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    Does anyone have any experience/suggestions for an ergonomic computer work station set up for a one handed typist?



    Matias makes two keyboards designed for one handed typing.  The Matias half-keyboard is literally the left side of the keyboard.  The user holds down the space bar to toggle to use letters that are normally on the right side.  My experience with this keyboard has been very good so far.  This small kb allows the mouse to be closer reducing reach to the mouse.  They also make the 508 keyboard which is a full size keyboard that can function like the half-keyboard.  This is designed to allow one-handed use as well as two-handed use so multiple people can use the same keyboard. If you have more questions about my experience with them you can email me at [email protected]

    Chris Sorrells OTR, CHT, CEAS
    President, ErgonomicsSimplified.com



    As an Occupational Therapist doing ergonomics for well employees, as well as working with patients being rehabilitated from stroke, amputations, etc. I have found many different one handed typing methods that work. The most basic (and cheapest) is to teach a one handed typing method on a traditional keyboard. There are programs available that one can download as well as manuals that will teach the one handed method of typing, which basically reassigns the keys to individual fingers. Check out Accessibility features such as Sticky Keys in the Accessibility icon in Windows to allow sequential keystroking vs. simultaneous-very helpful for one handed typing.

    Other suggestions are to use a smaller keyboard so that the hand does not have to stretch as far to reach keys. Using the mouse or a trackball with the Windows onscreen keyboard (Start>All Programs>Accessories> Accessibility>Onscreen Keyboard) or downloadable onscreen keyboards with features like word prediction for rate enhancement, can also be easier for some folks who may want a break from the traditional keyboard. I have tried some of the one handed keyboards with my patients and have found that they are not any faster than learning a one handed method, and it does increase the cognitive load.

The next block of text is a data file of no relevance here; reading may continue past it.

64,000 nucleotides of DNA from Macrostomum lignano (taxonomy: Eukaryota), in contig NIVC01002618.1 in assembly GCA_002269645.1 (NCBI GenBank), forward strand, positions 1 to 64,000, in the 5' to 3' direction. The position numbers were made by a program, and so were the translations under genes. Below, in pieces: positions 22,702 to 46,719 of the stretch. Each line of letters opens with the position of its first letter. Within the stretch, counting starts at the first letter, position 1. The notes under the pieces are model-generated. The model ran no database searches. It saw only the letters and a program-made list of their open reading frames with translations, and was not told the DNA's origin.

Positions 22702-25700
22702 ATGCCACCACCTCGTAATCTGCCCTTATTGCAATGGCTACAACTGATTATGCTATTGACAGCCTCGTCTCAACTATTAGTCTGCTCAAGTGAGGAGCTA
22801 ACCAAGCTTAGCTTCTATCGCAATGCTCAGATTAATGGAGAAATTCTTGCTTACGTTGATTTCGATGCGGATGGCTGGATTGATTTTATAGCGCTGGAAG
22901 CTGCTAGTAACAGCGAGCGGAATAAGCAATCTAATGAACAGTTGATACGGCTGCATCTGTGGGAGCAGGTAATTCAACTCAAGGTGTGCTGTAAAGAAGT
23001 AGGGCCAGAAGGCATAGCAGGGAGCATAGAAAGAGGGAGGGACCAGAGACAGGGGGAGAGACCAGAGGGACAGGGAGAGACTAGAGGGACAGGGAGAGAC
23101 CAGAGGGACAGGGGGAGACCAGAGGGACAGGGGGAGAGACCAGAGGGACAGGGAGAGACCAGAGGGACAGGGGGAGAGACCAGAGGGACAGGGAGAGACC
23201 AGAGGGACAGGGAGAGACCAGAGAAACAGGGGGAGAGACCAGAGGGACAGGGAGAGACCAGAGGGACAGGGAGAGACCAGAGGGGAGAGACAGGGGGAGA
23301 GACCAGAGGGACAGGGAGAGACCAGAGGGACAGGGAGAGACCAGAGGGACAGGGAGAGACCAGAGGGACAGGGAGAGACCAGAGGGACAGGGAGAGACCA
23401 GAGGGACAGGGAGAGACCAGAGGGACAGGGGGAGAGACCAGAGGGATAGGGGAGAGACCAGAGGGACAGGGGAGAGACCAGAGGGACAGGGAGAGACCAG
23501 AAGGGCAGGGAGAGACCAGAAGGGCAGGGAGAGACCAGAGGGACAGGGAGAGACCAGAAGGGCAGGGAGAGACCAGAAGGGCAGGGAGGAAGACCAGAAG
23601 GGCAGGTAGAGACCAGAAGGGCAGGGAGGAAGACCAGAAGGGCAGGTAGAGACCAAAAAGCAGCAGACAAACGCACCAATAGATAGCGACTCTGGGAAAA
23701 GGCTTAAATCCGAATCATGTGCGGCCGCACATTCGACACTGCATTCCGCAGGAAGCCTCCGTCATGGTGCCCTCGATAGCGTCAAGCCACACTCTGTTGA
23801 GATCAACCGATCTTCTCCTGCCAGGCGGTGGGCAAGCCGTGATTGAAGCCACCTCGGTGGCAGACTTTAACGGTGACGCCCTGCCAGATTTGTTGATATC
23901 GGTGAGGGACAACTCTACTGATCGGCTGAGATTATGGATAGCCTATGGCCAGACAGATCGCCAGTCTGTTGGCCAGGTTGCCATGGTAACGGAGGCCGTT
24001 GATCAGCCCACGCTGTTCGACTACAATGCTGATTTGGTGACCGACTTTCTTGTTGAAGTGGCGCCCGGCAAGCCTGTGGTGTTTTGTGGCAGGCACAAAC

A very successful one handed method is the BAT keyboard by Infogrip. (Infogrip.com). This is a “chorded” keyboard, that was designed to be used by one handed typists. It does require learning a different method of typing, however it is not difficult. Apparently many architects and drafting specialties use it, as it frees up the other hand to use the mouse while drawing, etc.
    For my serious one handed employees that need to do a lot of text input quickly, this is the one I try the most. It is also great for those with visual impairments as the hand does not have to leave the BAT keyboard while typing.

    Finally, there is voice recognition, which is becoming probably the most common alternative to using the keyboard as it is affordable and has increased accuracy and speed over all other methods once the user has mastered using it. The actual skill of dictating hangs up many people, so it is always good to have an alternative or backup to this method.

    As with any repetitive activity it is especially important to take frequent breaks and to rest/stretch the typing hand. If this is the person’s only usable hand, it is especially important to protect and conserve, support and minimize injury to that hand that will be “overused” and stressed if the person is not careful. Seen that a lot!
    Hope this helps.
    Kathleen Shanfield, OTR/L, MS

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